Example 4: Hearing. Mistakes stem from information overload (that again), pre-occupation, or distraction. In the case of ATC, I responded to instructions by saying, “Turn two-four-zero degrees, Cessna 123.” ATC responded, “Cessna 123 turn THREE four zero degrees.” From my prior heading of 270, 240 seemed more logical. Confirmation bias? Did I hear 340? Perhaps in the case of hearing, it’s best to request ATC to please repeat again slowly.

My experiences with audio snakebite mostly involve taxi instructions. Perhaps it’s best to ask for progressive at more complicated airports. Concord (California) Buchanan is a prime example. There are others that are deceptively simple and Camarillo (CMA) fits this category.

My last example is, “What did I come into this room for?” While this may not represent an aeronautical instance, it may apply if you walk into the oil shed and forget to bring back the quart of oil. Distraction and pre-occupation run deep here.

C-17 at TPF

Even experienced pilots make mistakes.

Little reminders can help this condition: if the plane needs a quart of oil, I leave the cowl lid open until it’s added.

More serious is an interruption or distraction while performing pre-flight or checklist. Where did I leave off/complete?

It’s best to put one’s game face on. When I take the helm of a boat, I put the virtual captain’s hat on with the intention that I am responsible for the welfare of the vessel and its passengers. I am doing exercises to increase memory (crossword puzzles) and consciously practice scanning and spotting here on the ground. I tell myself verbally: PAY ATTENTION and know that flying for any length of time in crowded airspace, especially abutting Class Bravo, is very fatigue-inducing and is a serious source of information overload.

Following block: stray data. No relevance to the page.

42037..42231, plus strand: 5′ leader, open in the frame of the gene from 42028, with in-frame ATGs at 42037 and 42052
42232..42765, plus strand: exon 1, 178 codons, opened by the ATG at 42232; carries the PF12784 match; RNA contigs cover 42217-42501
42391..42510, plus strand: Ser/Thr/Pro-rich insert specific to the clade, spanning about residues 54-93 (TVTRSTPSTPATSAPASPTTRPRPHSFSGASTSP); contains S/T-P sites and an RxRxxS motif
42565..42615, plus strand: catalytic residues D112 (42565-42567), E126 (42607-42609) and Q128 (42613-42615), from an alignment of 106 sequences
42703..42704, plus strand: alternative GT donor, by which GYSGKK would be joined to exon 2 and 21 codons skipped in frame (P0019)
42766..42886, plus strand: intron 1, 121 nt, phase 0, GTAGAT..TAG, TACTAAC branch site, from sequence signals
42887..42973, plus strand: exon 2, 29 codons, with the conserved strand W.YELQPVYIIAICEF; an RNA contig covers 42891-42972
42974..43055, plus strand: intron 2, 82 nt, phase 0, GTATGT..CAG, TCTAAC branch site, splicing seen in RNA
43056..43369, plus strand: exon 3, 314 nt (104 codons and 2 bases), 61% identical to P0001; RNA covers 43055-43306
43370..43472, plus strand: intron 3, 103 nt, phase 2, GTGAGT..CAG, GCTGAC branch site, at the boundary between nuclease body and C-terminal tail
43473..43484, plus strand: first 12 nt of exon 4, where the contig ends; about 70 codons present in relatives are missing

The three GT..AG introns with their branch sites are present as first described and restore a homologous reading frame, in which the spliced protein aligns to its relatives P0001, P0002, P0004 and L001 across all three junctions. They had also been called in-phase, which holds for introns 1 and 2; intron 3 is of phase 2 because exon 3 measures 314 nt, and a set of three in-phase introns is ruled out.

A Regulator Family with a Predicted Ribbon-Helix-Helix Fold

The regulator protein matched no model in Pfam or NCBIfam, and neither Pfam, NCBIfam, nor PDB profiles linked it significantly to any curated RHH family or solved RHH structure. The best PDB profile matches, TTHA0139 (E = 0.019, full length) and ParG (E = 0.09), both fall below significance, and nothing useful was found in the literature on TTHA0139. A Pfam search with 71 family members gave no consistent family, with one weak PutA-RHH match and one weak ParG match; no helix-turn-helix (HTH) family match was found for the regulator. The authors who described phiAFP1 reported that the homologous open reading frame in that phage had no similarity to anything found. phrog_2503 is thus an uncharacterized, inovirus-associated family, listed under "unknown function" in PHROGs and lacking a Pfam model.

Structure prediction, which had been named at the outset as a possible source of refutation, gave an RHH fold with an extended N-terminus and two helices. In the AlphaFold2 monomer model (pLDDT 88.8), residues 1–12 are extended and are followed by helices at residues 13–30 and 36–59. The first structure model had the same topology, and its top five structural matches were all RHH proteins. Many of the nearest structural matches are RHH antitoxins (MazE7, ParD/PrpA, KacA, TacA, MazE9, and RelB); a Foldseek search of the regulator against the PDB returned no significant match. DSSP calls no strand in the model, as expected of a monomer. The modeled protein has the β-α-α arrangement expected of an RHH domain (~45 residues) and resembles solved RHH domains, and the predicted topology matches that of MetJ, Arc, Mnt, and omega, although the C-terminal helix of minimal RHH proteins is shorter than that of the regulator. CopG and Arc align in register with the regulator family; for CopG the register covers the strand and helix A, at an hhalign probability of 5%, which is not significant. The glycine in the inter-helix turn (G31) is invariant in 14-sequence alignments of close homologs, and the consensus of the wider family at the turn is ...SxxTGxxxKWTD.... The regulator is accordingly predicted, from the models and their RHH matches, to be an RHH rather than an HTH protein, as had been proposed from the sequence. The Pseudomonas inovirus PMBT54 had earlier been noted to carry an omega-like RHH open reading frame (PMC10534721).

Pay attention especially around an airport, get plenty of rest, put the outside (non-airplane) world on the shelf and be flexible to ATC commands. If the runway you approach is not the one intended, execute a go-around and ask ATC to clarify.

Don’t get metaphorically (or physically) snake-bitten.

Andy Kopetzky
4 replies
  1. Steve Mosier
    Steve Mosier says:

    Years ago an F-4 returning from Spain landed at Spandalhem AB rather than its intended base, Bitburg seven miles east. The pilots poor use of navaids and disrespect for his WSO created a potentially hazardous and embarrassing situation. The following inter-cockpit comm says much: Pilot on rollout, after deploying the drag chute “something doesn’t lol right”. WSO reply “that you stupid SOB is because you’re at the wrong base.” Long bus ride to Bitburg

  2. Kim Hunter
    Kim Hunter says:


    I had to laugh at your mention of ground operations at Buchanan (Concord CA) field. One night years ago a group of pilots was departing Buchanan following a seminar. We all got the same taxi clearance and headed off. A little while later, approaching a runway intersection, I realized I was hopelessly lost. I asked the ground controller for progressive taxi instructions and offered to turn around on the taxiway to backtrack. Ground responded “stand by for taxi instructions… forget about turning around. You have two more lost souls right behind you”.

    • Andy K
      Andy K says:

      CCR is very confusing and perhaps it’s best to write down a type of shorthand for taxi instructions. I’ll work on that and post a comment. Anything done for the purpose of limiting confusion is worth the effort.

  3. Andy K
    Andy K says:

    I flew into Camarillo (CMA) and after the requisite $100 hamburger I received taxi instructions that would have put me on a head-on taxi collision with another aircraft. I asked for and was approved for a 180º turn on the taxiway and headed in the correct direction. It’s not always pilots who make mistakes. At the same airport, I was told to turn crosswind over the airport into the left pattern and asked the tower ‘do you want me to wait until the aircraft in that pattern passes?’ I would have turned in front of him otherwise. It was busy and busy equals extra vigilance and ADM required.